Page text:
This is one area of our lives we don't want to give up and besides it is a way for us to possibly earn a bit of money along the way and more importantly stay in contact with you all via the website. Concessions however have to be made as to what equipment can and can't come along for the trip.
Sony Vaio VGN T1XP/L Laptop
To make sure everything is kept up to date on our website, so we have the possibility to piggy back wifi points along the way, watch the occasional dvd and Son can do a bit of video editing as well, we have chosen to pack a Sony Vaio VGN T1XP/L laptop in the pannier bags. (Intel Pentium M, 1.1 GHz; 512 MB RAM ; 40 GB HD; Wireless/Bluetooth; 1.38 kg; 10.6" X-black screen; CD-RW / DVD±RW; 2x USB 2.0; 1x FireWire).
The Sony Vaio was, at the time, one of the very few small lightweight laptops on the market. We bought ours for a very good deal second hand (only 3 months old) as they were and still are outrageously expensive machines. Many people bag Sony computers for producing equipment that looks good but doesn't perform, but we have to say, apart from a worn out keyboard which has to be expected when your office is outside under trees and permanently in dusty environments, this machine has performed really well. It's unfortunate that our hard drive is so small, but newer models have ample space now. The Sonya Vaio eventually ended it's life on the road in the summer of 2010, when it was replaced by a Lenovo Ideapad S10e. The motherboard had cracked and it would take quite a bit of juggling to get the Vaio going and then it could drop out without warning. But considering it survived four years on the road...
+ small; lightweight; reliable;can handle the bumps; works well with all programs; nice design.
- very expensive; only replace with Sony compatible parts; bad customer service (except in South Korea!)
Acer Aspire One
Due to one too many arguments over who could use the computer, we decided in Mexico to put a bit of peace back into our lives by purchasing a second laptop: The sapphire Blue Acer Aspire One with 1.6GHz Intel Atom N270 Processor; 6-cell battery; 160GB Hard Drive; 1GB RAM; Integrated 802.11b/g Wi-Fi Certified and Acer Crystal Eye webcam.
Since we left, so many small lightweight laptops (netbooks) have entered the market that the price has dropped enough for everyone to be able to afford one. We did quite a bit of research before purchasing the cheapest on the market. Unfortunately we had to get it sent from the US while in Mexico and that added another $US 100 import duty on top of the bill. Nonetheless, the Acer Aspire One is a great little machine. It performs well for all the usual everyday programs. It is a little sluggish when it comes to operating Photoshop, Dreamweaver and Premiere, but not at all unworkable. So far it has lived up to our expectations and for the price, it is excellent value. We are yet to test out its 'on the road durability'. Will keep you informed...
+ very small; lightweight; inexpensive; great for general use
- touch pad awkward to use; doesn't perform as well with heavy programs
Lenovo Ideapad S10e
We bought the Lenovo on our return to the Netherlands in summer 2010 and after the Sony Vaio stopped working indefinetely. The Ideapad S10e is the only netbook with an extra slot for an express card. And that is very handy if you want to load your films from your camcorder into your netbook: that requires a Firewire connection and no netbook comes with a Firewire connection... so we bought an express card with two Firewire ports and now we can load our films!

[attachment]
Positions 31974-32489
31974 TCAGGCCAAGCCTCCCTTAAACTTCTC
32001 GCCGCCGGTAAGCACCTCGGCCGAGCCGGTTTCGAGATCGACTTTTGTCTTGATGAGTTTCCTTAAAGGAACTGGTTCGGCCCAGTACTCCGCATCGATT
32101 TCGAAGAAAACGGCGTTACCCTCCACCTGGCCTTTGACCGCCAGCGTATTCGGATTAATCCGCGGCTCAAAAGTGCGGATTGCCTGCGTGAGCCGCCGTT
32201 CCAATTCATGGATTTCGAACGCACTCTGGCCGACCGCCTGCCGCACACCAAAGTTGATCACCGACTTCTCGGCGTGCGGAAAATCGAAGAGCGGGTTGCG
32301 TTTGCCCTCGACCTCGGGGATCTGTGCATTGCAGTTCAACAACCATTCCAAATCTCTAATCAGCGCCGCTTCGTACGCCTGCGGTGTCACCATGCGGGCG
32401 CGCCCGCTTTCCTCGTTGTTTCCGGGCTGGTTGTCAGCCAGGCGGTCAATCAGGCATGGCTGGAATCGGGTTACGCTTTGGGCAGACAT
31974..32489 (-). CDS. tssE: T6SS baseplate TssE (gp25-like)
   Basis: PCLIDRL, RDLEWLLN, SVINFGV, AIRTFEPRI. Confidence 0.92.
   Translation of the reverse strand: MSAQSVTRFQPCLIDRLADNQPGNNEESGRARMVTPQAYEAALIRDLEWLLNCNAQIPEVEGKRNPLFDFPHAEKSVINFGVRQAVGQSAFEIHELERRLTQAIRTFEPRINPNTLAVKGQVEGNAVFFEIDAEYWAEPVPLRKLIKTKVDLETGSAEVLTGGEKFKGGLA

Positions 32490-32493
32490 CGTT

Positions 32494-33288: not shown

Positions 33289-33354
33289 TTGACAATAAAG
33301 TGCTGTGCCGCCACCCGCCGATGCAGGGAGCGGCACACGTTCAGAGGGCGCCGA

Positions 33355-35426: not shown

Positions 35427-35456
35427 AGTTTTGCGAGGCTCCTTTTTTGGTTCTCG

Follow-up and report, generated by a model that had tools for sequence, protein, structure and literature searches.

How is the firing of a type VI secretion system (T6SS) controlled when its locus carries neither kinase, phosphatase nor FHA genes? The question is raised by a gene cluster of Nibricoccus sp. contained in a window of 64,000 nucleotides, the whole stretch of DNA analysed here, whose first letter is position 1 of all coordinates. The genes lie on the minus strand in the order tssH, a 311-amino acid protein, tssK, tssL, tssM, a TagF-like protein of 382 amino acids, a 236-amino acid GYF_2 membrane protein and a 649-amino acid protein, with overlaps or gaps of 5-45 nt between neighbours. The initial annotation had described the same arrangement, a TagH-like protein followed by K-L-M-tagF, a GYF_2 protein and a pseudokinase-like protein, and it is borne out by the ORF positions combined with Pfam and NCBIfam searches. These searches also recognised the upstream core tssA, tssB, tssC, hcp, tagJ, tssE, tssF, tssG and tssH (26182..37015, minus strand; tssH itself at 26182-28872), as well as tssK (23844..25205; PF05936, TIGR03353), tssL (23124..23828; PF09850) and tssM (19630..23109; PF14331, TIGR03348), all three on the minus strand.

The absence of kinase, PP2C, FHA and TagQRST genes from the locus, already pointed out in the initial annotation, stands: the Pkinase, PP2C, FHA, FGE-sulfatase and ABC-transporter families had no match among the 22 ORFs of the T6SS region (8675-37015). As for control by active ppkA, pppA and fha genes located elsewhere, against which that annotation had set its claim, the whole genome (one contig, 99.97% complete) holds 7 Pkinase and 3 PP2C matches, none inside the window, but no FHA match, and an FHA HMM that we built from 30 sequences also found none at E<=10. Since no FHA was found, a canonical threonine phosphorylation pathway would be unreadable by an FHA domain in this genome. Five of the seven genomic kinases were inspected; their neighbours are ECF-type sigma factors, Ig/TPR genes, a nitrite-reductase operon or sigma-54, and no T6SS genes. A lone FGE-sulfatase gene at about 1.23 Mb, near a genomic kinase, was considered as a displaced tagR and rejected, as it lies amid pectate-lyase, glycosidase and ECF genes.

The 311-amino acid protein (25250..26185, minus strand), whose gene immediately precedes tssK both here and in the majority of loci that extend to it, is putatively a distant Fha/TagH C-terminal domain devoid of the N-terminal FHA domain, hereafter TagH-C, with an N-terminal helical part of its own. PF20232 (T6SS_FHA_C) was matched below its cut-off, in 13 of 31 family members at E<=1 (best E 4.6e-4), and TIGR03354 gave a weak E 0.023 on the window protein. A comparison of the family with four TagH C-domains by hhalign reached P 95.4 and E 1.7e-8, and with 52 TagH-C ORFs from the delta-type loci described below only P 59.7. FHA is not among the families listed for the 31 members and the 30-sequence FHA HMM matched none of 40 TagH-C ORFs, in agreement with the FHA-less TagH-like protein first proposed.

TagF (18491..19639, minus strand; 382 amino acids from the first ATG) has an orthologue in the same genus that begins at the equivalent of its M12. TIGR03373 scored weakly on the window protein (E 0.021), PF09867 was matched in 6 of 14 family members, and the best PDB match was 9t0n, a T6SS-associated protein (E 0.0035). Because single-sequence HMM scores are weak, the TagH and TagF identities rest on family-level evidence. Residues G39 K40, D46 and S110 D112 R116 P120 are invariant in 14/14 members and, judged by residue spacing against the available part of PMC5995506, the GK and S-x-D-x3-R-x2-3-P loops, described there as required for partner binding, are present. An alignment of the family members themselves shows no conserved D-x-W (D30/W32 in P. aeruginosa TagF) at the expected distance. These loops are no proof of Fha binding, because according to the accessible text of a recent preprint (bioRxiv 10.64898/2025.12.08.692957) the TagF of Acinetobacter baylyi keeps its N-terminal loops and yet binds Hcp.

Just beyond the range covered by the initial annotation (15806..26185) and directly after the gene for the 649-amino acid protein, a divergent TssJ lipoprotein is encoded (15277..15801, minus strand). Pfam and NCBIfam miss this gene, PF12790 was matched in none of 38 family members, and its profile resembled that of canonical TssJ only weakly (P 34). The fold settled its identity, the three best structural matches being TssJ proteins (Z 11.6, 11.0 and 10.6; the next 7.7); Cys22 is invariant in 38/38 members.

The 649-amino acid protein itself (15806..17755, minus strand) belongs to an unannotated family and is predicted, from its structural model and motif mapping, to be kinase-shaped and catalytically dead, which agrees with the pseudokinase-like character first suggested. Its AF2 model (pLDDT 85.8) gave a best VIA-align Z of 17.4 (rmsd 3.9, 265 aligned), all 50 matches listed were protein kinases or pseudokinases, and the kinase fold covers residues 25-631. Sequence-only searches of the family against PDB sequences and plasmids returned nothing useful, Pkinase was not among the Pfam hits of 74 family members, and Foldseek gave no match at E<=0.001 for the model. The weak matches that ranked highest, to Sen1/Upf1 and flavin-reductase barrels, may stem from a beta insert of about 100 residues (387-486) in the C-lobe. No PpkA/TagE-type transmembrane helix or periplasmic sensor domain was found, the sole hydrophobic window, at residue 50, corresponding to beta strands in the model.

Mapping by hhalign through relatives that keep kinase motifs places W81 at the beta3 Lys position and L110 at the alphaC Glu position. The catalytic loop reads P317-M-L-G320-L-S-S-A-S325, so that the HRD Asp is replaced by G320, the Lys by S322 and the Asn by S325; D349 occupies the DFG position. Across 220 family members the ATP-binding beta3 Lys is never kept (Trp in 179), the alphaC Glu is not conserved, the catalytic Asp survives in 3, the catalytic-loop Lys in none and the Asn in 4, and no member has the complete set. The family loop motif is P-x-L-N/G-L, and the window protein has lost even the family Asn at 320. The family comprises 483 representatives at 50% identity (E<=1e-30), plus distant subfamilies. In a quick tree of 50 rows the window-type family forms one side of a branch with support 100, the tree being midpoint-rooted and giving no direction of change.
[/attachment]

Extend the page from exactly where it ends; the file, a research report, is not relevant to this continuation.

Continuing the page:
So far, the Ideapad has performed very well, although lately makes a lot more fan noise than it did before. Unfortunately that seems to be a common Ideapad problem... you can't have it all.
We acquired a LaCie 80GB HD, for extra storage, but soon realised that our photo's and film took up a lot more space than we envisaged. Before we knew it, we had two more in the Ortlieb bags. A Western Digital Passport HDD 160GB (Islamabad) and a Buffalo 320GB (Seoul). In Istanbul we bought a Memorex Traveldrive 1GB USB-stick. Hope that's enough for a while...
Well, it wasn't. When in Ecuador (September 2009), we purchased another HDD, this time a 500GB WD Passport. The size of the drives is getting bigger (in GB that is), while the price stays about the same (around US$ 100).
All our travel drives are great. We have not had problems with any of them and as time goes on the storage space is doubling while the price remains the same. That's excellent news for people like us.
In April 2011 in Cairo we bought three more 1TB Western Digital Passport external hard drives. They were very economical (around $100 each) and we already needed more space...
+ lightweight; small; handy way of saving data
- none at this stage
Sony Hi-MD MZ-NH900 Minidisc Walkman
We wanted something that would not only play music but would record high quality sound as well...
The Sony Hi-MD MZ-NH900 Minidisc Walkman would have to be the biggest disappointment of all our equipment. Our first piece of advice: don't buy one for saving your music files on, because if you don't have the same computer that you originally copied all your cd's to, then you can never play your music again except for on the Sony Minidisc. So imagine our dismay, when we lost a couple of our minidiscs: our music was gone. Even music I had received from a band on one of their home-made cd's. Lost lost lost forever!
Further to the Sony minidisc headache, the batteries are rubbish and last about an hour on play time before they need recharging. And you can forget recording without the very short electrical cord attached. Even if you get this far, when you record serene background noise, you can hear the Sony walkman grinding away in the background. Mmmm... so much for ambience. And last, but not least, the display window scratches so badly that after a while you can't read what the LED is displaying and you'll end up deleting something. All in all a useless piece of junk for a big big price tag!
+ none that I can think of
- display window scratches beyond repair; batteries chew through the power; needs constant recharging; can't record without electrical input; makes grinding noise while recording; very expensive; have to buy discs to save data; can't retrieve your music for any other player or computer unless you have the original computer where you transferred your music from.
Apple iPod Shuffle 1 GB Silver (1st Generation)
Thanks to a dear friend, we were the lucky recipients of a brand new iPod shuffle measuring 1.07 x 1.62 x 0.41 inches (H x W x D) and weighing 0.55 ounces. What a super little gadget this is, wearable straight out of the box this mini machine lets you listen to up to 240 of your favourite songs. It clips onto anything and is now available in lots of colours, so you can own more than one. Very clever!